The recent mass shootings in Buffalo, New York and Uvalde, Texas have once again brought gun control into the public conversation. The discussion has remained highly partisan for decades, and once again, the left and right have reached a stalemate. A panel of experts joined Roundtable to share their analysis of mass shootings, guns and what policy interventions could impact the United States’ gun violence epidemic. In this segment, the panelists discuss what gun control policies could truly reduce mass shootings in the U.S.
Conner Moore, host of the Politically Homeless podcast and himself a gun owner, argues that the current state of political discourse around guns is an obstacle to productive policymaking. “We’re nowhere close to a solution, and I think one of the biggest issues is the kind of rampant partisanship and agenda-pushing from both sides. It keeps us from having productive conversations,” he says.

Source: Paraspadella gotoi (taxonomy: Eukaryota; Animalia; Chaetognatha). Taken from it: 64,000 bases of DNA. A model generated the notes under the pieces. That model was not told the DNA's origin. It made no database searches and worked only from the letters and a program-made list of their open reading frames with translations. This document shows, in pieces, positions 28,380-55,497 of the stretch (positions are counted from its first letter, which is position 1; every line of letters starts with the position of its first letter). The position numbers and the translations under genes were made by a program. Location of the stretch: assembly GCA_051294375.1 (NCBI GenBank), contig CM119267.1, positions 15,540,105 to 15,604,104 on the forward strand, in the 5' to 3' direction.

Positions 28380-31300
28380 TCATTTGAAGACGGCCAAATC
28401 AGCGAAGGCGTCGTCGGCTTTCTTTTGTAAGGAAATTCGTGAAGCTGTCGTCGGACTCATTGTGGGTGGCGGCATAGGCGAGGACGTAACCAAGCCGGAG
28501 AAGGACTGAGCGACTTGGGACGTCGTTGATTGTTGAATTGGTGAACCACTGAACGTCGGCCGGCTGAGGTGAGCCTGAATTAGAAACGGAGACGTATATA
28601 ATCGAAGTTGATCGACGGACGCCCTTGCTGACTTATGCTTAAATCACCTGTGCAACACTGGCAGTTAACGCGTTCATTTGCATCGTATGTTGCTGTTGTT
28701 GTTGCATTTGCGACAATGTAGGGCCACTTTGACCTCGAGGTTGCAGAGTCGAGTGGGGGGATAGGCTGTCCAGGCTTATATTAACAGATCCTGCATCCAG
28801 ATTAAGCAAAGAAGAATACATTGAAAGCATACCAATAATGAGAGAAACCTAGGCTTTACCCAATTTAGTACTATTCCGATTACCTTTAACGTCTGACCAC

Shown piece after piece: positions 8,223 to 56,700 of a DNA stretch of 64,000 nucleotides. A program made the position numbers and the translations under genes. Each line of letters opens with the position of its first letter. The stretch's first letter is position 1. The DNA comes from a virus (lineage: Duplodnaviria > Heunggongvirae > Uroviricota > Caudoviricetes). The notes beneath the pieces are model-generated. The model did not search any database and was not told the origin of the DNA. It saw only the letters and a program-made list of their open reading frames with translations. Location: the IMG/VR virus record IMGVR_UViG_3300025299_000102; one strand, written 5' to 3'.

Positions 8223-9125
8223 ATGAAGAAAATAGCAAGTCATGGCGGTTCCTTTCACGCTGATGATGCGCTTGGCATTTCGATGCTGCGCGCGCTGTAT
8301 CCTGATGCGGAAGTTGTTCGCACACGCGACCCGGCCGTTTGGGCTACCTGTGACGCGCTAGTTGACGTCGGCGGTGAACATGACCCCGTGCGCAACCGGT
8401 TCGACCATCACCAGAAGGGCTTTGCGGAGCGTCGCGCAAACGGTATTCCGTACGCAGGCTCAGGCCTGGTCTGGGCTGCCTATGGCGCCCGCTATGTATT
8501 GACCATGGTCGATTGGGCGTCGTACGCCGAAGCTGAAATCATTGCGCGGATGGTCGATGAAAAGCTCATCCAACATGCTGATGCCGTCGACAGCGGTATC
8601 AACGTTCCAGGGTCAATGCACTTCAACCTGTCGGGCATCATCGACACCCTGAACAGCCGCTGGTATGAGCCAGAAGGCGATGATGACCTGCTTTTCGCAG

Moore notes that some of the restrictions that liberals favor would likely have little impact on large-scale shooting incidents.
“There's some gun restrictions that need to be rolled back that just don't make any sense, like the magazine capacity stuff. It’s super easy to get around, and it doesn't slow down criminals at all,” he says. “You can throw a bone to the conservatives there as a negotiation piece, because that's just not something that's going to move the needle when it comes to gun violence one way or the other, but it can create conversation saying that not all guns are created equal.’
Matt Savoy of the Free Thought Project notes the contradictions inherent in the parallel debates about gun control and police reform.
“If if cops kill people, for no reason, oftentimes innocent and unarmed, why should we take guns from law abiding citizens? It gives them to the government, like cops who have shown to be completely irresponsible with these same guns,” he says.
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Watch the full discussion below:
Conner Moore, Host, Politically Homeless Podcast
Sharon Kyle, Publisher, LA Progressive
Matt Savoy, Co-Founder, Free Thought Project